In the second trial, Chris’s domestic-violence history was admitted and raised by both sides. Chris testified to two incidents of violence against Katee. Still, much of the testimony about his history of violence centered around CPS’s argument that Katee was playing the victim. Katelyn Brubaker, the CPS caseworker who filed the petition, said in her report that Katee “has created anxiety based on her own prerogatives portraying an image that she is a victim.” Brubaker also testified that the violence against Katee indicated a greater risk of Katee — not Chris — potentially harming their children.
On the stand, Spivak agreed. “The story is always that she is mistreated. And nothing about her participation, anything she might have said, any direction between herself and somebody else that may have led to anger and distrust between them,” he said. “It was a one-sided version that included only ‘I’m being mistreated.’” Spivak said Katee had inflicted a more “subtle” type of harm on her children.
Katee’s defense team argued that she was an established victim of domestic violence and that, in addition to the favorable evaluations of several other mental-health professionals, Spivak’s report acknowledged that the behavior he witnessed did not “add up to abuse and neglect requiring ending custody.”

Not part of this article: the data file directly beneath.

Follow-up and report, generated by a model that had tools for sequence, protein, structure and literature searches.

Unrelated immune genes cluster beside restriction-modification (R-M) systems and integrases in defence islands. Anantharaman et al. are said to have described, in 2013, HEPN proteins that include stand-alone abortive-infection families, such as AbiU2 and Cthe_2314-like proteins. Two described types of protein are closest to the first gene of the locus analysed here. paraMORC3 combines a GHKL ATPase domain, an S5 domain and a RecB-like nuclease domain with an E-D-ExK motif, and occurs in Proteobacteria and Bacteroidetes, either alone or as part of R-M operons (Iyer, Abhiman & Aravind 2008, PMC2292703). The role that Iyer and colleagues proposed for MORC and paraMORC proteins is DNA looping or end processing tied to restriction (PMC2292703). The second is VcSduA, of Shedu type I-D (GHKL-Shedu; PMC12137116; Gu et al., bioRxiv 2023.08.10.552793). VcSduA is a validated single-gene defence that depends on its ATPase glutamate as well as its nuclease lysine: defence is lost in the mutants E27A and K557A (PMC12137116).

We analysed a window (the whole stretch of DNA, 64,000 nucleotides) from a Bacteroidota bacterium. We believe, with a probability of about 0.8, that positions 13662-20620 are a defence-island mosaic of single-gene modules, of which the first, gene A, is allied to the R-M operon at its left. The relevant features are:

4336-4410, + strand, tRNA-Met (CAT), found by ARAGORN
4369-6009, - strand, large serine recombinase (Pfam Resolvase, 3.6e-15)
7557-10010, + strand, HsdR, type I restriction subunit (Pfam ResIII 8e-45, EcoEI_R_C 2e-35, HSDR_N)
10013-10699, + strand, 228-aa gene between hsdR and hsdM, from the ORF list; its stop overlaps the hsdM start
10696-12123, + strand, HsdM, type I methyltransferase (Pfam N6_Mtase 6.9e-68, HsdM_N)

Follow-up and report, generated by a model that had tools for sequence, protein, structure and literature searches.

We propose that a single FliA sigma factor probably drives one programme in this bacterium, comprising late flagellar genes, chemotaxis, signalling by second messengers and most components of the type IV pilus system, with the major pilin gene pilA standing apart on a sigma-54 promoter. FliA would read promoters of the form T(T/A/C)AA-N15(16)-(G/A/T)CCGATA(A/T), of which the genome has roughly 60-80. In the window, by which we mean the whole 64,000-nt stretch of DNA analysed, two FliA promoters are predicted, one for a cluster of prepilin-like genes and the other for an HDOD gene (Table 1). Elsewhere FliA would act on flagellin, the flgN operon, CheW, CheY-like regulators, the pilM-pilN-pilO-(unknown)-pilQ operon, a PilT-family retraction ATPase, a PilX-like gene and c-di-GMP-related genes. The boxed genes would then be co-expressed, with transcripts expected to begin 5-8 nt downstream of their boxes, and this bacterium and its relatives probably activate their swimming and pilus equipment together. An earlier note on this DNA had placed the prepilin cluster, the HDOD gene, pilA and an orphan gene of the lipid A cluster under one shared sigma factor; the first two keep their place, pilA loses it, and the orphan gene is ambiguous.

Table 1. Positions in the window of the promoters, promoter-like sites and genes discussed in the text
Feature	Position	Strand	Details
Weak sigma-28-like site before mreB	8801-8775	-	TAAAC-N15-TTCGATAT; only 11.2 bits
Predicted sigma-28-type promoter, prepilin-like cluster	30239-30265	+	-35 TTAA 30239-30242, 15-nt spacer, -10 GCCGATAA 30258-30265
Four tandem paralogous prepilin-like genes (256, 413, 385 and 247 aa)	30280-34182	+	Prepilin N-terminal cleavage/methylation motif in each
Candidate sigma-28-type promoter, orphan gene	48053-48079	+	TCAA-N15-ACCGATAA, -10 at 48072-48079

In February 2017, the jury found that a preponderance of the evidence suggested Katee abused her children. She would not have regular contact with her two youngest sons for two years.
In 2018, a Michigan appeals court reluctantly upheld the decision against Katee, saying the “evidence unambiguously established” that she had not forced a gender identity on her child. Katee and her attorney say Chris refused to allow her to see the kids for months. Finally, he relented and took the children to meet Katee at a park. Even though it wasn’t stipulated in the custody order, Chris wanted to supervise the visit, and when she left the park with the children, he called the police. Clare County charged her with child kidnapping, and in June 2018, a judge returned a guilty verdict in the case. Katee spent three months in jail.
After Katee was released, it took more wrangling in court to force Chris to allow her to spend time with her kids. By then, the children had spent two years away from their mom. Meanwhile, as her lawyers appealed to the State Supreme Court, a new attorney general, Dana Nessel, a Democrat and out lesbian, was elected. In 2019, Nessel’s office dropped the case and vacated the verdicts against Katee.
Katee was vindicated — but the damage was done. As a result of the first trial, she was placed on the state’s central registry for child abuse and neglect. The registry has 300,000 people on it; some have been convicted of crimes against children, while others have been placed on it by a CPS caseworker “after finding evidence of abuse or neglect.” The registry can be accessed by the courts, various government agencies, and employers who work with children. Because she was placed on the registry, Katee is unable to work in child care, which was her main line of work prior to becoming a full-time mom.